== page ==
In the #YALICHAT “What Does It Take to Be a Successful Entrepreneur?”, Glory Oguegbu, a 2015 Mandela Washington Fellow and founder of the Glow Initiative for Economic Empowerment and the Renewable Energy Technology Training Institute, explored how young entrepreneurs can secure funding for their new ventures. In the article below, Glory summarizes her advice for aspiring entrepreneurs.
Create a Business Plan
This is a key step to being investment-ready. Many young people with ideas think making a business plan is very difficult, but it’s really simple. A business plan helps you bring your idea out of your head and onto paper. The process of creating this document enables you think through your idea properly and helps you fine tune it. It also helps an investor to understand your business structure and the need to invest. See our Writing Your Business Plan workbook for more on outlining your business strategy.
Funding your business can start with your savings or through help from family and friends. Self-funding shows investors that you are confident enough in your idea to risk your own money. It works best if the initial funding requirement is small. If you have no access to self-funding, you could decide to work for a while to save up the money that you need.
Register Your Business
You could incorporate your business or sole proprietorship, as a registered business has a better chance of accessing capital. Registering your business allows you to get a business bank account number and ultimately signals to investors that you really “mean business.” In Nigeria, the Corporate Affairs Commission has made it easy and affordable for you to register your small businesses.
Find a Co-Founder
Finding a co-founder sends the message to investors that someone believes in your idea. That is a strong signal to an investor that you’re working on something worthwhile. Bringing on a co-founder can help you mitigate risk, consider new ideas and support your business for years to come.
Practice Your Pitch and Leverage Your Network
Take time to share your business idea with your family, colleagues and friends. Attend meetings, seminars and workshops to find potential funders. Before attending these events, you must master your pitch. See our workbook Pitching Your Business Idea for more presentation tips.
Funding Sources to Consider
Crowdfunding is the process of raising money online for your business. In addition to raising money, it helps you validate your idea by learning if people really want to support it or not. Before you launch a crowdfunding campaign, be sure your product or service solves a real problem, then tell your story in a compelling way that moves people to support you. Some crowdfunding platforms available to African entrepreneurs are Afrikstart, Kickstarter, and Indiegogo.
Venture Capitalists (VCs)
VCs are firms that invest other people’s money into businesses that are still in their early stages. VCs want to invest in companies with the potential to turn a profit. Companies that have a team and a growing customer base are especially attractive to VCs. You can sign up at Venture Capital for Africa (VC4A) to receive information about venture funding opportunities on the continent. Venture Platform is another VC firm in Africa to which young entrepreneurs can apply. And don’t forget to familiarize yourself with what venture capitalists are looking for in a new business.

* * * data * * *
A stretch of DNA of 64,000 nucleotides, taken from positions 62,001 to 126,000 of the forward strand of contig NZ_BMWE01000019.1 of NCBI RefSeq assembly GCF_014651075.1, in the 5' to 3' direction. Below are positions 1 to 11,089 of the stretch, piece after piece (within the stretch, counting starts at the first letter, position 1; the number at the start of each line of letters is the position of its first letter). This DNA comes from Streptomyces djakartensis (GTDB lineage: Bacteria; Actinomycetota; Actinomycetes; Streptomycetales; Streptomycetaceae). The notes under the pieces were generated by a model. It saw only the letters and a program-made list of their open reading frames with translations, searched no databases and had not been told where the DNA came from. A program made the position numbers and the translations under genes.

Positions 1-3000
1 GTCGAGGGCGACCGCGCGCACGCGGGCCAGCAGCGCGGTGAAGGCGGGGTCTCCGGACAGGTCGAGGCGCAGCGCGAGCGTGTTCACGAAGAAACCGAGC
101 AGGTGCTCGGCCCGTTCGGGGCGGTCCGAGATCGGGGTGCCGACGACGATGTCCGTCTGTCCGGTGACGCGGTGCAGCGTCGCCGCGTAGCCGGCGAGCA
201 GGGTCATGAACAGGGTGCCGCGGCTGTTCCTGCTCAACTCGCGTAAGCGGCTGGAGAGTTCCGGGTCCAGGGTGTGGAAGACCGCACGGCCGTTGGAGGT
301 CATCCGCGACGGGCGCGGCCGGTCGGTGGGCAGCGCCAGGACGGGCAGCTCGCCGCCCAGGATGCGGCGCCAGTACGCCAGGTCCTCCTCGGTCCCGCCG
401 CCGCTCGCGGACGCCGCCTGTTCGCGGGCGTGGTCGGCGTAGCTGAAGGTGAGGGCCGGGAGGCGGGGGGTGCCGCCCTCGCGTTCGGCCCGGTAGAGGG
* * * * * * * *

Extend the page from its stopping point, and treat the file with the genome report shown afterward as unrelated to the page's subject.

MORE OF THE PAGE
Business Incubators or Hubs
Business incubators or hubs are organizations that work with new entrepreneurs, offering access to mentorship, investors and other support to help new businesses get established. These hubs help bring together angel investors and state governments to invest in new businesses. If your startup or business idea is related to clean technology or climate innovation, consider the Clean Technology Hub. You also can find other incubators for your business in the 2016 Abiya article “Africa’s Top Business Incubators.”
Business accelerators are organizations that offer support and funding opportunities for developing companies. They offer access to capital and investment in return for equity. Startups that have moved beyond the earliest stages of development usually qualify for business accelerators. If your startup is in the tech industry, you can check out organizations like TechStars, which works with companies to find seed capital. This article profiles some business accelerators funding ventures in Africa.
One way to access funding as a small business is through grants. Grants are small amounts of seed money provided by international agencies or government institutions to further the goals of a small business or nonprofit. Unlike a loan, you don’t have to repay a grant. But you do have to prove you can achieve the goal you outline in your grant proposal through a rigorous application system. Most business grants are offered to projects focusing on a specific issue area and aren’t readily available like loans or other funding opportunities. See this list of business grants in Africa for more information. And take our Fundamentals of Grant Writing course to learn how you can craft a winning grant proposal.
Learn how you can build your financial literacy skills on our YALIEntrepreneurs page.
The views and opinions expressed here belong to the author or interviewee and do not necessarily reflect those of the Network or the U.S. government.